One man does not make a party, no matter how important he thinks he is. But one man is more than capable of doing it irreparable damage. Sadly when a number of those in the Lords, or the Commons or in power in other ways fail to see this damage and continue to try and play up to that one person, giving him a glimmer of hope that he may be useful it does mean that all of us are getting tarred with the same brush.

As for threatening to sue those who "publish or broadcast" information regarding the accusations, some will be the big papers, others will be those who speak on Twitter, Facebook or through blogs. The latter groups are generally younger, less well off, but know what is inappropriate behaviour up with which they will not put. So if you go after them in courts you take away their liberty and enslave them to poverty.

So I have a question does Peter Hayes want to uphold the principles of the party that Chris Rennard loves so much, or does he just want to uphold the stature of Rennard and bugger the party?

Update 21:36
To understand the man look no further than his Facebook profile




 

We'll always have Stroke City

Today I awoke to the news that Northern Ireland lost one of our greatest broadcasters. Hot on the heels of the tragic loss of Robin Williams, our own radio presenter who, had the same sharp wit which was part of who we all wear.

As someone whose father, was only two years older, but from the same working class roots in Derry/Londonderry I grew up with that North West sense of humour. Of course with a time slot starting at 10:30am I didn't get to listen to Gerry every morning, nor did I get to listen to his handover from Stephen Nolan regularly. However, when I did or when he had his appearances in TV they would almost always lighten up the morning, especially if I'd been screaming at some caller on the Stephen Nolan show.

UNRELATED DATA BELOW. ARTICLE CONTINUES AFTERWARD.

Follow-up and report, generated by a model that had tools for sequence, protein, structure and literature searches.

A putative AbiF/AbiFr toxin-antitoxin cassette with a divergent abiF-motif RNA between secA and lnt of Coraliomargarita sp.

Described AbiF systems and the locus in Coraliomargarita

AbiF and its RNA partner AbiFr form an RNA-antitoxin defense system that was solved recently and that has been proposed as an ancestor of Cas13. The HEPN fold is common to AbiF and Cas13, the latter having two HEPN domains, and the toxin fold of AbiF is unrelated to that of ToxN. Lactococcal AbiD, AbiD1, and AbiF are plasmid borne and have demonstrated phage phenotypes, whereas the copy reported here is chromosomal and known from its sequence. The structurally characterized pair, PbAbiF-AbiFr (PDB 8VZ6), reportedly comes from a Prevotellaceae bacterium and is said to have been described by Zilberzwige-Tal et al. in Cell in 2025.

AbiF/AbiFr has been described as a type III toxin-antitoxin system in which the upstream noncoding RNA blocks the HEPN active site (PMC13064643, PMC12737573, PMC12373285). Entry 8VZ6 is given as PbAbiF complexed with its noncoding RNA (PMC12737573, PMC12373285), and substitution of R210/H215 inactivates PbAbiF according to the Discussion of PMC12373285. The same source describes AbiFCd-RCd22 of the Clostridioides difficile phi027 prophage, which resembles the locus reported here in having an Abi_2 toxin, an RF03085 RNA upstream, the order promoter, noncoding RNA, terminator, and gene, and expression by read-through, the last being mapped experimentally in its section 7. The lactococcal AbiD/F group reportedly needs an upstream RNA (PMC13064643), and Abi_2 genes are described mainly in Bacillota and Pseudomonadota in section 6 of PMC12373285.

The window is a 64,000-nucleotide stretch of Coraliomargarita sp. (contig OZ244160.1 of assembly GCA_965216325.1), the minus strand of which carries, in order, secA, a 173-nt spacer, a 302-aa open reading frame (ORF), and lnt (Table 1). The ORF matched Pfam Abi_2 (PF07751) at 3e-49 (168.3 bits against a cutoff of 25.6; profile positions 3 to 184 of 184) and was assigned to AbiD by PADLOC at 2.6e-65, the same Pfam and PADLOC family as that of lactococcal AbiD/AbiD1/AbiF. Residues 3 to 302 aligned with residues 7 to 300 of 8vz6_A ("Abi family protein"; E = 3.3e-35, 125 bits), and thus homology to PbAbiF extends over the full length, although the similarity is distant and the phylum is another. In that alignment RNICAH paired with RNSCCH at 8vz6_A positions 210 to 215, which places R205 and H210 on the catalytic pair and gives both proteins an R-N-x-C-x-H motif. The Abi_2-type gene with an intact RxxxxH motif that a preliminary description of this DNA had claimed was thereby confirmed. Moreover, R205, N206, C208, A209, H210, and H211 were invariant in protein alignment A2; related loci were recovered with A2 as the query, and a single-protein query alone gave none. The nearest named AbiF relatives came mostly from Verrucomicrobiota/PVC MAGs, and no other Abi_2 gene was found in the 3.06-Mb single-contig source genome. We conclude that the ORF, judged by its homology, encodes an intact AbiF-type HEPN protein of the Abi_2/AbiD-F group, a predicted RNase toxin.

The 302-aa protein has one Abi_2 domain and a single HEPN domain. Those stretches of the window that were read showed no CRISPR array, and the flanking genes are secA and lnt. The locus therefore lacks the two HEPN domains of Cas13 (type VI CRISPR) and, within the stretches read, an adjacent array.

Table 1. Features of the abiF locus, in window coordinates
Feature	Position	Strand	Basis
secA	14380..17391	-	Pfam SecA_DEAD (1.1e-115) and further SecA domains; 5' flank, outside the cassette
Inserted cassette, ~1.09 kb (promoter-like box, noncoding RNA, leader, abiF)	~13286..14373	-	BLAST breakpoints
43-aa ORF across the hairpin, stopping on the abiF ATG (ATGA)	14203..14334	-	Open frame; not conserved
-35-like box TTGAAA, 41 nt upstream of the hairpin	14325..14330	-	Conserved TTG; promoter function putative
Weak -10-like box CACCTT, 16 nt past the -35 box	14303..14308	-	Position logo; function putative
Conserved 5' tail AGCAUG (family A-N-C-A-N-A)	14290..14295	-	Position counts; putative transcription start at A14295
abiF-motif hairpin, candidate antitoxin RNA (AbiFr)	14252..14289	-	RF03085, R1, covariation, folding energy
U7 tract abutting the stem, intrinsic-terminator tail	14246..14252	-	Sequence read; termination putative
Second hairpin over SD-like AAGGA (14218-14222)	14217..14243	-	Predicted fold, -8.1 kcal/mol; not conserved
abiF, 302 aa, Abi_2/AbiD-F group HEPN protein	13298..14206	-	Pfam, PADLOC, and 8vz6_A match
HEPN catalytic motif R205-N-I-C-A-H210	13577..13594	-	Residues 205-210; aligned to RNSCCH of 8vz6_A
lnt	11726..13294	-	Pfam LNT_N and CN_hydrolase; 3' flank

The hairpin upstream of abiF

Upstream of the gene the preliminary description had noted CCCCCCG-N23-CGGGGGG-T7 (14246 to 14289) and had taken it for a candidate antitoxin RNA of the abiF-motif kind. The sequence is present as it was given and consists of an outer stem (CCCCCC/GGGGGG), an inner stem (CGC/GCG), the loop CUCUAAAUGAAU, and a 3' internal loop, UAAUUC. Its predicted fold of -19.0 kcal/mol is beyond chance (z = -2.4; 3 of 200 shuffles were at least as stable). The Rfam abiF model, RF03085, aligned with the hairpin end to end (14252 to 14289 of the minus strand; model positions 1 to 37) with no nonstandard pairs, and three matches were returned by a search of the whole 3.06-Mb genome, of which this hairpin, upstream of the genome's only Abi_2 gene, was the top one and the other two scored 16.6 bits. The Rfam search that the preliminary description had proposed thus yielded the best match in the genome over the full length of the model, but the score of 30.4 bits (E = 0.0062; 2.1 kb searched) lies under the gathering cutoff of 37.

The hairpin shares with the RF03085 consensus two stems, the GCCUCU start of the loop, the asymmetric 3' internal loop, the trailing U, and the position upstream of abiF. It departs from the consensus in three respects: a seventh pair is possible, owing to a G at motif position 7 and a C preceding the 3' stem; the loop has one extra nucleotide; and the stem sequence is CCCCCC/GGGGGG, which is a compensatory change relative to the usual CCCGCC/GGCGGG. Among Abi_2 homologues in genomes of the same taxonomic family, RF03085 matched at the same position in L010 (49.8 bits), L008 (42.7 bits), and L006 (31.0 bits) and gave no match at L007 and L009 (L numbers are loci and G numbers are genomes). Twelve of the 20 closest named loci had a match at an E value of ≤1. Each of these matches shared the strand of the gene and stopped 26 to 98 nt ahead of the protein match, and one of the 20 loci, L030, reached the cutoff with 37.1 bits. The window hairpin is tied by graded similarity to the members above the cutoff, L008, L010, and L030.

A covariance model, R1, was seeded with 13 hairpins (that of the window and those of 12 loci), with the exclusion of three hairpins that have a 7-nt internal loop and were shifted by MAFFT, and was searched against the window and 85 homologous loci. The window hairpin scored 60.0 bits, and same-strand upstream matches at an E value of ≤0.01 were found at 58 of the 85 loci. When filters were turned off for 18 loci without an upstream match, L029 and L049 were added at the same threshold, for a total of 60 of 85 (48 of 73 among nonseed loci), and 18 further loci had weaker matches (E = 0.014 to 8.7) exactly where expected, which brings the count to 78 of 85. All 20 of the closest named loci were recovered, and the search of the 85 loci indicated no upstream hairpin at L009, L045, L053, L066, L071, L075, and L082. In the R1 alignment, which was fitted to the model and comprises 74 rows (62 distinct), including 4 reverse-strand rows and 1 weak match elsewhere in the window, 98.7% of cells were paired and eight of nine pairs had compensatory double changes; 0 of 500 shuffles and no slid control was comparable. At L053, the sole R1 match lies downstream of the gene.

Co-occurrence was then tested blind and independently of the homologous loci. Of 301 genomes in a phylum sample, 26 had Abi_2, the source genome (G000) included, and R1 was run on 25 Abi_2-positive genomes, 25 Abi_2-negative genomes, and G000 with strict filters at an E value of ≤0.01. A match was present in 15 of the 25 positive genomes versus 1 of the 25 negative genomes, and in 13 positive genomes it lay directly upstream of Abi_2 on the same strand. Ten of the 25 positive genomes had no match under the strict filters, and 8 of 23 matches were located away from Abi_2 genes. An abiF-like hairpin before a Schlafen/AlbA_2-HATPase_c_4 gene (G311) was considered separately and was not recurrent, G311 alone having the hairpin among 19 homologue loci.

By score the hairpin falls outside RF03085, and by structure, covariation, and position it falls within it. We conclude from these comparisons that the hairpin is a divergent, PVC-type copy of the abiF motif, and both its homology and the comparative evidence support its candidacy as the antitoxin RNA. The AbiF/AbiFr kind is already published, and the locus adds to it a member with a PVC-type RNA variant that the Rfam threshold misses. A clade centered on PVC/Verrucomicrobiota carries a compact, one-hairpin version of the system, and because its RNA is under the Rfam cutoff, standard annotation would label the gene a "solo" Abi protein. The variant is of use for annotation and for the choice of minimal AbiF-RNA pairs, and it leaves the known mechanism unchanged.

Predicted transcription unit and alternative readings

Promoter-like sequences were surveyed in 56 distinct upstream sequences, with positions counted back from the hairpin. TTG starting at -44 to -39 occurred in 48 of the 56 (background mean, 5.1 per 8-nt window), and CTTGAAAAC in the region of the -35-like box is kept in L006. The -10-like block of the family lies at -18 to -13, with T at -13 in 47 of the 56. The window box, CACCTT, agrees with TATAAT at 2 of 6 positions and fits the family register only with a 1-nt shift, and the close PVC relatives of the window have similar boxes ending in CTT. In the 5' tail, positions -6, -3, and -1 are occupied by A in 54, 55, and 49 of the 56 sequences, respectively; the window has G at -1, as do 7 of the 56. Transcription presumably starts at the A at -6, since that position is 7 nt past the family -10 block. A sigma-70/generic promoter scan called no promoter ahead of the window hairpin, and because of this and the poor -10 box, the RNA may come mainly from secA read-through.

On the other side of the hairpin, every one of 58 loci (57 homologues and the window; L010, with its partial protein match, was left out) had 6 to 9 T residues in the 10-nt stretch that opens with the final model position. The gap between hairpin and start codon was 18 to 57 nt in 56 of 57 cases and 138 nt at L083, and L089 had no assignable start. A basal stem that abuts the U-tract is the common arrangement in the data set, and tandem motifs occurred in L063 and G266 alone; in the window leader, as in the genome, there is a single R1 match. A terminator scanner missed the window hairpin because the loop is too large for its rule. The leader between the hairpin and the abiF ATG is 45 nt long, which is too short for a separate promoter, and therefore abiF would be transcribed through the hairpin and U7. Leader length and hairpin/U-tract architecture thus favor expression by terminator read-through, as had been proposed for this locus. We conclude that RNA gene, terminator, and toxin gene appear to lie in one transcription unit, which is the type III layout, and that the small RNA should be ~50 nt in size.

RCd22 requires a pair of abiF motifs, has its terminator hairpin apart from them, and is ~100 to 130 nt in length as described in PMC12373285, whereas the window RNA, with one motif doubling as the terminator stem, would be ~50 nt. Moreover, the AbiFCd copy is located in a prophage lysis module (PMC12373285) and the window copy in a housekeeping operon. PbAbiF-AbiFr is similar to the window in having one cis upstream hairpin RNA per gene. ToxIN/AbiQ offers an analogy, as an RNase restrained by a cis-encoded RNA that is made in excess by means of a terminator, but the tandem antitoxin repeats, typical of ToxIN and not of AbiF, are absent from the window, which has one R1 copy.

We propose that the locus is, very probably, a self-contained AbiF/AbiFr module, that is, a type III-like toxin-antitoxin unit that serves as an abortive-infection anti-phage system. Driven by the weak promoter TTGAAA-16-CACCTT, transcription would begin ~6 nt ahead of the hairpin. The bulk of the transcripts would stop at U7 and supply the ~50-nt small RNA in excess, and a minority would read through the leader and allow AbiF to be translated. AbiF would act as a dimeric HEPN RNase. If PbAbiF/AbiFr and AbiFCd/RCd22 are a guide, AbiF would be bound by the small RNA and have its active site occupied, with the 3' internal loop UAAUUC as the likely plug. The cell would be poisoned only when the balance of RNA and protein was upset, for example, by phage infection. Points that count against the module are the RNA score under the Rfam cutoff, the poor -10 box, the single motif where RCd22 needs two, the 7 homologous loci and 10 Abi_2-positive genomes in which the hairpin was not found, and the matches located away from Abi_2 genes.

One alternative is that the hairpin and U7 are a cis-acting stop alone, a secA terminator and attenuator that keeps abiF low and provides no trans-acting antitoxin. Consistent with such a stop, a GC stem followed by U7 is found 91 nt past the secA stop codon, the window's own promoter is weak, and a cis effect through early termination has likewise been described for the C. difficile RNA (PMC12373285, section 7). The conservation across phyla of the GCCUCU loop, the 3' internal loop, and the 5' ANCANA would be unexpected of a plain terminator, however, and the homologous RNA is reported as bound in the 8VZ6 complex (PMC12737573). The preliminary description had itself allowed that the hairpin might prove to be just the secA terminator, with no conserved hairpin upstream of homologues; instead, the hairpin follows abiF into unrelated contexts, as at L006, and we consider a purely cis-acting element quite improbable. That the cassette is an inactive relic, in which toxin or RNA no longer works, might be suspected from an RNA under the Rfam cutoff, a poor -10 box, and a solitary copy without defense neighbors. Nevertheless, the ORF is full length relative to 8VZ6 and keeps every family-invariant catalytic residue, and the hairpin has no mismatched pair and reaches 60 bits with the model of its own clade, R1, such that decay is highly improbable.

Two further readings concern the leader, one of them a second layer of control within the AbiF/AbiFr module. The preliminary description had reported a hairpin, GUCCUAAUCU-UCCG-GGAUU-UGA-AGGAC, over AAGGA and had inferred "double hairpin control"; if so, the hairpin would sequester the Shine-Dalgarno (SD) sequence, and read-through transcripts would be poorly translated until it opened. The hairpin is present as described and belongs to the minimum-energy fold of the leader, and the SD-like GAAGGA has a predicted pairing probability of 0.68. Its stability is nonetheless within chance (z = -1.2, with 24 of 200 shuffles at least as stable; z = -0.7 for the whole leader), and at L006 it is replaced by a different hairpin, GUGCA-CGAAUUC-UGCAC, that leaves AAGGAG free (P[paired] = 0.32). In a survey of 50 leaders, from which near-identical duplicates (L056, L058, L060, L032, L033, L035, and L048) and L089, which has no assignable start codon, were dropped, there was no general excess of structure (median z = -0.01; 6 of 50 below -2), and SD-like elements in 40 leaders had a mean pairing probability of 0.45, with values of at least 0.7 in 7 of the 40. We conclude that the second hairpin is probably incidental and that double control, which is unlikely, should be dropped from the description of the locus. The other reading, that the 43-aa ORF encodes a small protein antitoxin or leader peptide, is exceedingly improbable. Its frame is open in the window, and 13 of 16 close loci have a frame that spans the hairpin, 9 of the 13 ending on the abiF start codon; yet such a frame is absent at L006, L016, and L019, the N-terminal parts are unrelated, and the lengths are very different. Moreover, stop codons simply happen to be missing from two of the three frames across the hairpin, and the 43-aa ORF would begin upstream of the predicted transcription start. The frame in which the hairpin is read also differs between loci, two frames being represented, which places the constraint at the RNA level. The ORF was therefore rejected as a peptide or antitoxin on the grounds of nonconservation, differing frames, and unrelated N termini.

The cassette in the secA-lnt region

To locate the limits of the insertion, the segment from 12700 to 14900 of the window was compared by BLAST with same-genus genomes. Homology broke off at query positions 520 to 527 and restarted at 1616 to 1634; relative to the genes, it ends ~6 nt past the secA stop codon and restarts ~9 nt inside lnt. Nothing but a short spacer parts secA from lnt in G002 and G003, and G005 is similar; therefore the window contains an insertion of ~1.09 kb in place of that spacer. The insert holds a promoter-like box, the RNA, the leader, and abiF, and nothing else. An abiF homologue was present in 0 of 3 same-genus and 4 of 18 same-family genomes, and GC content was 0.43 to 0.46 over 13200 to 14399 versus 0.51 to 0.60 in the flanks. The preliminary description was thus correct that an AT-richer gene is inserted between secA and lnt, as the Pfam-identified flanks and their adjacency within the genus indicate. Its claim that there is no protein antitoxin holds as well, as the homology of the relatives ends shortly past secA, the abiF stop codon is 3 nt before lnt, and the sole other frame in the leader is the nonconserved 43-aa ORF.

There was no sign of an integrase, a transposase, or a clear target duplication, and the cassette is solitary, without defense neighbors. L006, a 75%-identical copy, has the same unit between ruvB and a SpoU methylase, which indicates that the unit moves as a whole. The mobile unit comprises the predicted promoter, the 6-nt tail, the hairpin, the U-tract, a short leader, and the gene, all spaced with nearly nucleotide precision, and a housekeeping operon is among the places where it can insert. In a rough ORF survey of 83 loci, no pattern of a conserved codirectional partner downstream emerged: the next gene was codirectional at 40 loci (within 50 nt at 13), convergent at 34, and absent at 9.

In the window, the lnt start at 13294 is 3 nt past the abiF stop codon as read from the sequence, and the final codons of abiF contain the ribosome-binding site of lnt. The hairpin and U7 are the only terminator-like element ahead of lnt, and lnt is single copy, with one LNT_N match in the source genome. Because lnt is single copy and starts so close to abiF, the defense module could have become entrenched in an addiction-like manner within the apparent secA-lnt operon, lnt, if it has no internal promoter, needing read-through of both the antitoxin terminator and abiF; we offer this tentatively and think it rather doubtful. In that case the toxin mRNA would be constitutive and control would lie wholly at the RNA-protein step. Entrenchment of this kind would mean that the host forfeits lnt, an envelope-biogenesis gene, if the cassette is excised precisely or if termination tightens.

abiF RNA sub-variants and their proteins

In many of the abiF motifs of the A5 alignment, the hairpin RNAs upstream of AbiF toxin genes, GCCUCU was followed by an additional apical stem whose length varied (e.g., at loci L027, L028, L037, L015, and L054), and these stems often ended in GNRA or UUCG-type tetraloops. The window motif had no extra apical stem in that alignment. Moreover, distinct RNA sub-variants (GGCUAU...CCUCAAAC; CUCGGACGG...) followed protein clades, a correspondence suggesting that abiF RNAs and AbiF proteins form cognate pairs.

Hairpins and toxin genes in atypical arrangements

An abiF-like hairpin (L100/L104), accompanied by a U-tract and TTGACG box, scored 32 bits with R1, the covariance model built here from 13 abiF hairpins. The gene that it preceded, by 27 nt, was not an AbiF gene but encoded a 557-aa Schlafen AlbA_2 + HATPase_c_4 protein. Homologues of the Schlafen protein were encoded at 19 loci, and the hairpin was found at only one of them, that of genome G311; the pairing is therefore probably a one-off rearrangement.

It was only Gerry, who broadcast from the BBC Radio Foyle studio, that could come up with the solution to the Derry or Londonderry dilemma. After a while of calling it Derry Stroke Londonderry he shortened it to Stroke City. Those of us in the know knew it had a double meaning to the general health of the populous but was also a comedic answer to the political correctness of what to call the City of his birth (that of my fore fathers).

He tried to make it on Radio 4 but without success, but his humour was always at home in Northern Ireland and we got where he was at. But he did win the Gold Sony Award for best regional radio presenter in 1990 and Royal Television Society Regional Presenter of the Year in 2004.

He hadn't been on the air since November 2012 as the illness that finally claimed him took hold (he'd been a regular part of the Radio Foyle/Radio Ulster schedule since 1985). Our airwaves have been the lacking as a result. But there was always the hope that he would some day return, this morning that hope was taking away.

Bout ye Gerry/Londongerry, rest well puppet chin. We'll always have Stroke City.

Gerry Anderson 28 October 1944 - 21 August 2014

A few years back there was an animated series using real clips from Gerry's shows so I thought I would share a few of them here.





Wednesday, 20 August 2014

So Chris Rennard is back...so where for me?